He says he will "have to guard against simply being The Spectator's pet lefty" and when he is reminded that Spectator columnist Rod Liddle already claims to occupy a similar left-of-centre position, he bellows with laughter. "Rod Liddle? That's a very interesting categorisation."
To some, such as The Guardian writer Seumas Milne, Bright is in no danger of being a pet lefty as he has already sold out to the right. This may be partly down to a documentary Bright made for Channel 4's Dispatches, criticising Ken Livingstone's record as Mayor of London. Some believe this was a key factor in his departure from the Statesman. "There's some suggestion that I'm on a similar journey from the left to the right as say [Daily Mail columnist] Melanie Phillips," says Bright. "I'm sure some people will see this [Spectator role] as confirmation of their worst fears about me but I just urge them to read what I write."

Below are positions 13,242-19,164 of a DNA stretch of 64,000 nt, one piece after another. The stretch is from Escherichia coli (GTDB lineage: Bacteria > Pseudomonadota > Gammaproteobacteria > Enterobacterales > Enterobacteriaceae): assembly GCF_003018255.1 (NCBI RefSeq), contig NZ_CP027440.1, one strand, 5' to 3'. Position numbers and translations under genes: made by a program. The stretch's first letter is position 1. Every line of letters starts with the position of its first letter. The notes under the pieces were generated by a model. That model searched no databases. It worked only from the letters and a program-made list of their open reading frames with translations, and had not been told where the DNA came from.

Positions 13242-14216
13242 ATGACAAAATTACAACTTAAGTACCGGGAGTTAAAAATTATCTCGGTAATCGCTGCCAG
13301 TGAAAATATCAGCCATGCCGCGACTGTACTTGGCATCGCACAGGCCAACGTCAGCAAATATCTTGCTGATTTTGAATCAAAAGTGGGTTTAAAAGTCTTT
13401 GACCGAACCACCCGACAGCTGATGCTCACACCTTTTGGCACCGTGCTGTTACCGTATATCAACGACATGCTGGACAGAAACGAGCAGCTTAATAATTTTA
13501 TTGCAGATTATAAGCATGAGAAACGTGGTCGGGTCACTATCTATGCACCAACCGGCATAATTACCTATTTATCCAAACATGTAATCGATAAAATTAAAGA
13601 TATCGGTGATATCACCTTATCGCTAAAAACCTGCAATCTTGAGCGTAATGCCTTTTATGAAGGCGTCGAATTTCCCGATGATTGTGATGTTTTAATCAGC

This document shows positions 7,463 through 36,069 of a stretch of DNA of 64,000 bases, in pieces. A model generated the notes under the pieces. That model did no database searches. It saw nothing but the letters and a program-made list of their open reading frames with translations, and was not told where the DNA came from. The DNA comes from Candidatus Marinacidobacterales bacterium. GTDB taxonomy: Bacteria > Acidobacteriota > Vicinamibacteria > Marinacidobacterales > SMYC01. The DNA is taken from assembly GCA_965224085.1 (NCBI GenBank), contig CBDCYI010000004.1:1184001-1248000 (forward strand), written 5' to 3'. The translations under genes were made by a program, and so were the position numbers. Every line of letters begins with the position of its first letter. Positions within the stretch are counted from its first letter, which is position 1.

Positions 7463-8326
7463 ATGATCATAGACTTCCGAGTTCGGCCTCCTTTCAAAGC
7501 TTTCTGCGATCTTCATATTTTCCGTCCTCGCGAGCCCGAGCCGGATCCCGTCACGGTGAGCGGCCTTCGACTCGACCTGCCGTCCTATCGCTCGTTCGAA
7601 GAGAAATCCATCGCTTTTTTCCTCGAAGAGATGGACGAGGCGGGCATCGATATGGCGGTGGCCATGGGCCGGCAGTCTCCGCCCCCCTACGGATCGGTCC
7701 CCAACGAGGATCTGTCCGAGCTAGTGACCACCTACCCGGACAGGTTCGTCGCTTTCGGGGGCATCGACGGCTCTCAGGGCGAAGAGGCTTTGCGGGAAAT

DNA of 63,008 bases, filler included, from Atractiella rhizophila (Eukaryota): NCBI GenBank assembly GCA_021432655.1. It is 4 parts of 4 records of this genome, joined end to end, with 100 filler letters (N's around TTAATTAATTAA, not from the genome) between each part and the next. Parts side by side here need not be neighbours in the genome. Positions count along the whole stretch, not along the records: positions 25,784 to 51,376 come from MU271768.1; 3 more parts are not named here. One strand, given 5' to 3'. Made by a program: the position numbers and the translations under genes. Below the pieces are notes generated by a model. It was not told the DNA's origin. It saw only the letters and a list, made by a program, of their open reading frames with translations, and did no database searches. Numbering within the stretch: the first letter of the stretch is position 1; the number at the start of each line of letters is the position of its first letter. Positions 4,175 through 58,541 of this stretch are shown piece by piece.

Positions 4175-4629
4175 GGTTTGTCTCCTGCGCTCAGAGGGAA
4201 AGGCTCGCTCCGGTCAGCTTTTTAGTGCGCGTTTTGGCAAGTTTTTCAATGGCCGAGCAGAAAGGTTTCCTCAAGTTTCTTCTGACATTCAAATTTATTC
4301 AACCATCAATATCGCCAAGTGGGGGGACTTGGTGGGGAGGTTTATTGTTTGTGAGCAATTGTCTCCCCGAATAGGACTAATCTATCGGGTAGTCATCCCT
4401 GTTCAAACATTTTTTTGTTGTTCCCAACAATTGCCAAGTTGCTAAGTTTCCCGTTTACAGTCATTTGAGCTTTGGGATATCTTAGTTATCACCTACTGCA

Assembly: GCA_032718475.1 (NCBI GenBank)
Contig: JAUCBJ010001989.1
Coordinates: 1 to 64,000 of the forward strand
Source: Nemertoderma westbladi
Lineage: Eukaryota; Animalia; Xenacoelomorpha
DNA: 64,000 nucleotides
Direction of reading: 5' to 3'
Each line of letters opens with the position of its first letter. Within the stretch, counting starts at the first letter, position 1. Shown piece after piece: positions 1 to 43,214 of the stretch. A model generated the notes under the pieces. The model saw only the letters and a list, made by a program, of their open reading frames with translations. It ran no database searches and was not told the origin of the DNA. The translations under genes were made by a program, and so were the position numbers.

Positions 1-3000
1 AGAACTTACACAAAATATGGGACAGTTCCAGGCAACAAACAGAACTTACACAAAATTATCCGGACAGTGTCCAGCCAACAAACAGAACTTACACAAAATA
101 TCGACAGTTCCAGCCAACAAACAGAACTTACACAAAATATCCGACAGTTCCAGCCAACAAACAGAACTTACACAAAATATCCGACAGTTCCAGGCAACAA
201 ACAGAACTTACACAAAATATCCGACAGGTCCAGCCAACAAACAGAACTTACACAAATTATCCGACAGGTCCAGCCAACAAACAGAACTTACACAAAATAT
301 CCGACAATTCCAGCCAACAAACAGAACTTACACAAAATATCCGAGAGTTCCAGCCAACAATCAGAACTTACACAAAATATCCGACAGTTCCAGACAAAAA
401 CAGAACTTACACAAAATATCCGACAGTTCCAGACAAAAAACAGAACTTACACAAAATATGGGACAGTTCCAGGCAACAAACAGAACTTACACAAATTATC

The idea of a political conversion such as that undergone by writers such as Phillips or the Mail on Sunday's Peter Hitchens is nonsense, he says. "On every issue, including radical Islam, I am firmly on the left. I was political editor of The New Statesman and often found myself to the left of the Labour government on everything from education and health policy through to policy on anti-terrorism."
Aside from his journalism, Bright has founded an organisation called New Deal of the Mind, inspired by Franklin D Roosevelt's new deal of the Thirties but aiming to generate job opportunities in the creative industries rather than digging roads. He works out of a Portakabin at London's South Bank Centre, shared with, among others, the centre's poet-in-residence Lemn Sissay and the musical beatboxer Shlomo.
The project, set up with the help of Maggie Darling, wife of the Chancellor of the Exchequer and a former journalist, includes plans for Pop-Up Centres in major cities, offering space for lap-top-carrying freelances and rehearsal areas for dancers, actors and musicians. Bright hopes to attract funding for 30 new jobs at the South Bank and has plans in the West Midlands where he wants the 2 Tone Ska music movement that emerged in the late-Seventies recession to be recorded and archived digitally by a new generation of media workers.